Is the tax practitioner becoming the final verifier of trust compliance? 6 September 2023

As a result of recent changes, the tax practitioner now has to submit a list of information to the South African Revenue Service (Sars) with the trust tax return. This includes the latest trust deed, resolutions, minutes of the trustee meetings, and so forth. For example, if the trust deed requires the trust to meet at least every quarter, it will be expected of the tax practitioner to submit four sets of signed minutes of trustee meetings. Sars also now asks some uncomfortable additional questions on the tax return which they label as “risk questions”. With the tax practitioner often having no involvement in the ongoing management of the trust, this may leave them in a difficult position, without the required information to submit with the tax returns. The lack of information may result in tax returns being submitted late with resultant penalties. That may also place unnecessary pressure on tax practitioners who are already working under pressure during the tax filing season. The fact that a trust is “taxpayer of last resort” (with other taxpayers such as funders/donors and beneficiaries potentially being taxed on trust income and capital gains and not the trust) resulted in tax practitioners historically leaving trusts for last (and often forgotten) in the queue of tax returns to be submitted for a client. This will no longer be possible, given Sars’s focus on trusts. Sars warned for a while that they would be focusing on trusts again. Sars held a webinar on 29 July 2021 with the title “Trust and Tax obligations”. On 28 September 2022, Sars issued a media release titled “SARS sharpens its focus on Trusts”.

As many are struggling with the new, involved trust tax return, Sars responded by giving further guidance. On 31 August 2023, Sars issued communication titled “Clarification of certain matters pertaining to the completion of the trust income tax return (ITR12t) “

The following matters were highlighted: 

* What format, information, and supporting documents are required with reference to Beneficial Ownership; 

* The nature of minutes: are all minutes required to be submitted; and     

* Capturing persons' details while acting in multiple capacities.   

Beneficial Ownership:

Sars’ aim is to record all beneficial owners of registered Trusts in order to comply with the Financial Action Task Force (FATF) requirements. Certain information must be submitted via e-filing, i.e., a copy of the Trust instrument, Letters of Authority, etc. Tax practitioners are struggling with what “additional documents” Sars requires.

SARS clarified that these documents may include, but are not necessarily limited to:

* An organogram, illustrative, or schematic diagram depicting effective control and how the affairs of the Trust relate to other entities (interest in other entities, i.e. ownership structure in the event of entity-layering);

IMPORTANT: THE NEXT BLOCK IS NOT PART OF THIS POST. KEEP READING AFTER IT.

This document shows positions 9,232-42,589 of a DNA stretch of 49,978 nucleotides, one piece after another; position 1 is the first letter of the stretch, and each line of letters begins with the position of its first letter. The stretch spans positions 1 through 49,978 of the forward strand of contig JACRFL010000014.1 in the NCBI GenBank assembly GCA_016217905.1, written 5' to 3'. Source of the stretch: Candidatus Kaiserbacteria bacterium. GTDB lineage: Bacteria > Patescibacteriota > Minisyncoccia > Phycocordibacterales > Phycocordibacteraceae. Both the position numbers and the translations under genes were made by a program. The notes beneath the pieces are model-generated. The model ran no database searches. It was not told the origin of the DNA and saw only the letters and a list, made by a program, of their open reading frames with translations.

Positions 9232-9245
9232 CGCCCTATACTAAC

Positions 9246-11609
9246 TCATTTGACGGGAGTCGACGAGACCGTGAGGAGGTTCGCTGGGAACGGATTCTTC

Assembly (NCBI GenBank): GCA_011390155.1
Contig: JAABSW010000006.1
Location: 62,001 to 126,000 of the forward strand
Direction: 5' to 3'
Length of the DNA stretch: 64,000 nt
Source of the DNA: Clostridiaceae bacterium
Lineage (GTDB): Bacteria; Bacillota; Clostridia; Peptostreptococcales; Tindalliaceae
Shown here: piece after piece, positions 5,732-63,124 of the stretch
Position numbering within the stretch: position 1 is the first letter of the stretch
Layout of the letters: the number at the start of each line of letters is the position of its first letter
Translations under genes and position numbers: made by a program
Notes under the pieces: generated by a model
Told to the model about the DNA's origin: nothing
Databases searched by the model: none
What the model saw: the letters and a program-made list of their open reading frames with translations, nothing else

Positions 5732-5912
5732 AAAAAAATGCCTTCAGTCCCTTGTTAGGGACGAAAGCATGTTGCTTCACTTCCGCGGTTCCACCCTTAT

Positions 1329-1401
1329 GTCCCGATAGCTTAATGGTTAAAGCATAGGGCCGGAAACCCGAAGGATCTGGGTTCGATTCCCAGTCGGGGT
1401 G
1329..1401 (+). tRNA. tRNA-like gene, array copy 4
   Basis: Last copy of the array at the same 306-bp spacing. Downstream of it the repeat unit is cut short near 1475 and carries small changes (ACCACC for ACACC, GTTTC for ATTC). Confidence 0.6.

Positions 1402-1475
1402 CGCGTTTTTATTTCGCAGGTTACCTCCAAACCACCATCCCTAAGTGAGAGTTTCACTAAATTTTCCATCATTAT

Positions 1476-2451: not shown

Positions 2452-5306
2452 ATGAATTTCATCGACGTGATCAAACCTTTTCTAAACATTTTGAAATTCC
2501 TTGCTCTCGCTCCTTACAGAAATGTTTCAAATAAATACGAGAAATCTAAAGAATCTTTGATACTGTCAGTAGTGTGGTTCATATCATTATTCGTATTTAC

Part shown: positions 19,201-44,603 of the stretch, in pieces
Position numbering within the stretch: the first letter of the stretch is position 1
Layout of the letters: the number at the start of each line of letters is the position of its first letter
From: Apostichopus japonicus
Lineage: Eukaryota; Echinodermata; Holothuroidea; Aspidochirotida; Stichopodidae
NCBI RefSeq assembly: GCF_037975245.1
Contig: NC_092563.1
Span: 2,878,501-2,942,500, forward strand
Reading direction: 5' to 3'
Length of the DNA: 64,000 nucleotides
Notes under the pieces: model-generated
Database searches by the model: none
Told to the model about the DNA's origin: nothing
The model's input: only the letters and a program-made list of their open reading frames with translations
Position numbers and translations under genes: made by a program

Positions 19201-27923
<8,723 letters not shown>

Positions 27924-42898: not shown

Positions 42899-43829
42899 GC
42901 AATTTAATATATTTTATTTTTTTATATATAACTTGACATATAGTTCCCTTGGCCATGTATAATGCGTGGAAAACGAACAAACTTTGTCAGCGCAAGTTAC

* An Excel spreadsheet containing the above information; or     

* Such other document, which will elaborate on Beneficial Ownership in relation to the Trust.      

At least one document is to be submitted that relates to beneficial ownership information together with this year’s tax return. The tax return only caters for 20 beneficial owners. In the event there are more than 20 beneficial owners, the taxpayer must upload a supporting document that reflects the additional beneficial owner(s). 

Nature of minutes:

After concerns were raised that it is not necessary to submit all resolutions and minutes since this will be time-consuming and may not necessarily be relevant to Sars, Sars clarified that they require all minutes, excluding those dealing with internal trustee governance arrangements and/or administrative matters to be submitted (that may include trustee amendments, trust amendments, etc.). They did not deal with which type of resolutions need not be submitted. It may be assumed that the same principle has to be applied to trustee resolutions. It appears that all transaction-related resolutions and minutes have to be submitted, regardless of the nature or size of the transaction. Remember the court agreed that a trust is “run by resolution”, so be mindful that trustees do resolutions for all transactions in the trust.

SARS confirmed that the guidance in this regard gives preference to any other contradictory comments and/or communication that may have been communicated during any meeting and/or via e-mail. 
Capturing persons’ details:

Concerns were raised that the current tax return requires the same information to be captured multiple times, such as when the same person may be a founder, trustee and/or beneficiary. SARS clarified that this process of multiple capturing will only be required in the first year of submission (for the 2023 tax year). Going forward, the information will be prepopulated in future returns with an edit function to allow for amendments to the beneficial ownership information.


It would be unfair to expect the tax practitioner to “fix” any non-compliance of the trust by the time they submit tax returns. It remains the responsibility of the board of trustees to have the necessary information ready and easily accessible for the tax practitioner to submit the trust’s tax return as well as the additional required information.

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Is the tax practitioner becoming the final verifier of trust compliance? 6 September 2023